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From Tampa, On Point dives into the Republican moment. The politics, the hurricane, and Mitt Romney's big week.
It was all supposed to start today. Then came Isaac, the storm that pushed the Republican’s convention plans back a day in Tampa. But the challenge for the GOP and Mitt Romney and Paul Ryan is the same this week: To make a case, while the spotlight is on, that breaks them out of their neck and neck challenge to Barack Obama.
It is seventy days now to election day. The country has a big decision to make. Isaac’s path is in a “cone of uncertainty,” say the weathermen. So is the GOP.
Up next, On Point from Tampa, Florida: the challenge this week for Mitt Romney.
Peter Baker, reporter for the New York Times.
Doyle McManus, Washington columnist for the Los Angeles Times.
Byron York, chief political correspondent at the Washington Examiner.
Margaret Talev, White House Correspondent for Bloomberg News.
Susan MacManus, professor of public administration and political science at the University of South Florida.
After a summer of brutal attack ads, the Romney campaign is wounded going into the big party convention in Tampa. “He’s feeling a little on the defensive about his taxes, his economic plan, his business record,” said New York Times reporter Peter Baker, who has been traveling with the Romney campaign.
That’s led to a feeling of frustration in the Romney campaign, noted L.A. Times columnist Doyle McManus. The economy is in bad shape, and voters think that Romney would do a better job. Yet, the GOP candidate is neck-and-neck with the president in the polls. The key to changing that perception: “The Romney campaign has to present a positive economic plan,” McManus said.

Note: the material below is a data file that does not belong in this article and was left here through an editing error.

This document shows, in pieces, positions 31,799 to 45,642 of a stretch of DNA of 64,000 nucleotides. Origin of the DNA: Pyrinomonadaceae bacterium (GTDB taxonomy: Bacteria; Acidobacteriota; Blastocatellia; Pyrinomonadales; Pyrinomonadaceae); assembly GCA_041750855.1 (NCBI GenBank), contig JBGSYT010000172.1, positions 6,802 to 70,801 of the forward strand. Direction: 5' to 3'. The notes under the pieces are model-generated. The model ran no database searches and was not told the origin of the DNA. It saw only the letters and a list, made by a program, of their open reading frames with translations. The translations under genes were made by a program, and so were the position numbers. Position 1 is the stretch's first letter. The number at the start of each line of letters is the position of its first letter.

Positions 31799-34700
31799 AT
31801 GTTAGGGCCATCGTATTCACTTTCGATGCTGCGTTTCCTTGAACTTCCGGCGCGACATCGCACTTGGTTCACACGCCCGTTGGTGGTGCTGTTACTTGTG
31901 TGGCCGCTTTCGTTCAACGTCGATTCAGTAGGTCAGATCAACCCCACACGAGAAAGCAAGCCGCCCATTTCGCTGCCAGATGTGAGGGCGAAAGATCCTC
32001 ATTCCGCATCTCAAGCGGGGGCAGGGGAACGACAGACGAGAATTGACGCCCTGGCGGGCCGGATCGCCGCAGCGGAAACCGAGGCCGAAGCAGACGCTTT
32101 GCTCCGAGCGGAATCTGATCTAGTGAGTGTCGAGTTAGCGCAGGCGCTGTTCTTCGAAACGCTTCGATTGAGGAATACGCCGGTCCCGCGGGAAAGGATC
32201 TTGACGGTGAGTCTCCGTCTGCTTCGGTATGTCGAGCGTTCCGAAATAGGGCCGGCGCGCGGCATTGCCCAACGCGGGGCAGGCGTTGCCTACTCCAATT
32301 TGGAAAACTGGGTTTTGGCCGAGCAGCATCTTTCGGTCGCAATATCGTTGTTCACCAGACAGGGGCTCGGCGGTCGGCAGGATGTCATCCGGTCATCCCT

One thing dragging down the candidate in the polling is personality. Romney has been reluctant to try to make voters like him, noted Bloomberg's Margaret Talev. Doing that, as well as reaching out to women will be a priority in the coming days.
This pivot in messaging during the conventions marks a new phase in the campaign. Since the primaries, Romney’s challenge had been to win over Republicans. “They were skeptical of his conservative credentials. The selection of Rep. Paul Ryan resolved those doubts,” said the Washington Examiner’s Byron York.
Still, the GOP now has to show undecideds– the most sought-after voters-- that Romney is a “credible alternative” to President Obama. “There are so many people who are not happy with the way that things are going,” said York. “But they don’t know all that much about Romney, they’re not sure that things are going to get better regardless of who is elected, and they think that Obama understands their problems a little more. Romney’s got to make up that gap.”
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Politico "Mitt’s moment is finally here. After slogging through the snows of Iowa and New Hampshire, scores of debates and months of being carpet-bombed by Obama campaign ads, Romney and his running mate Paul Ryan will soon get to the business of the fall campaign."
New York Times "Mitt Romney arrives here this week to accept his nomination from the increasingly disparate coalition of factions known as the Republican Party, confronting the challenge of unifying them behind him and — should he win — exerting his own authority over a party that is in many ways still forging a post-Bush identity."
This program aired on August 27, 2012.
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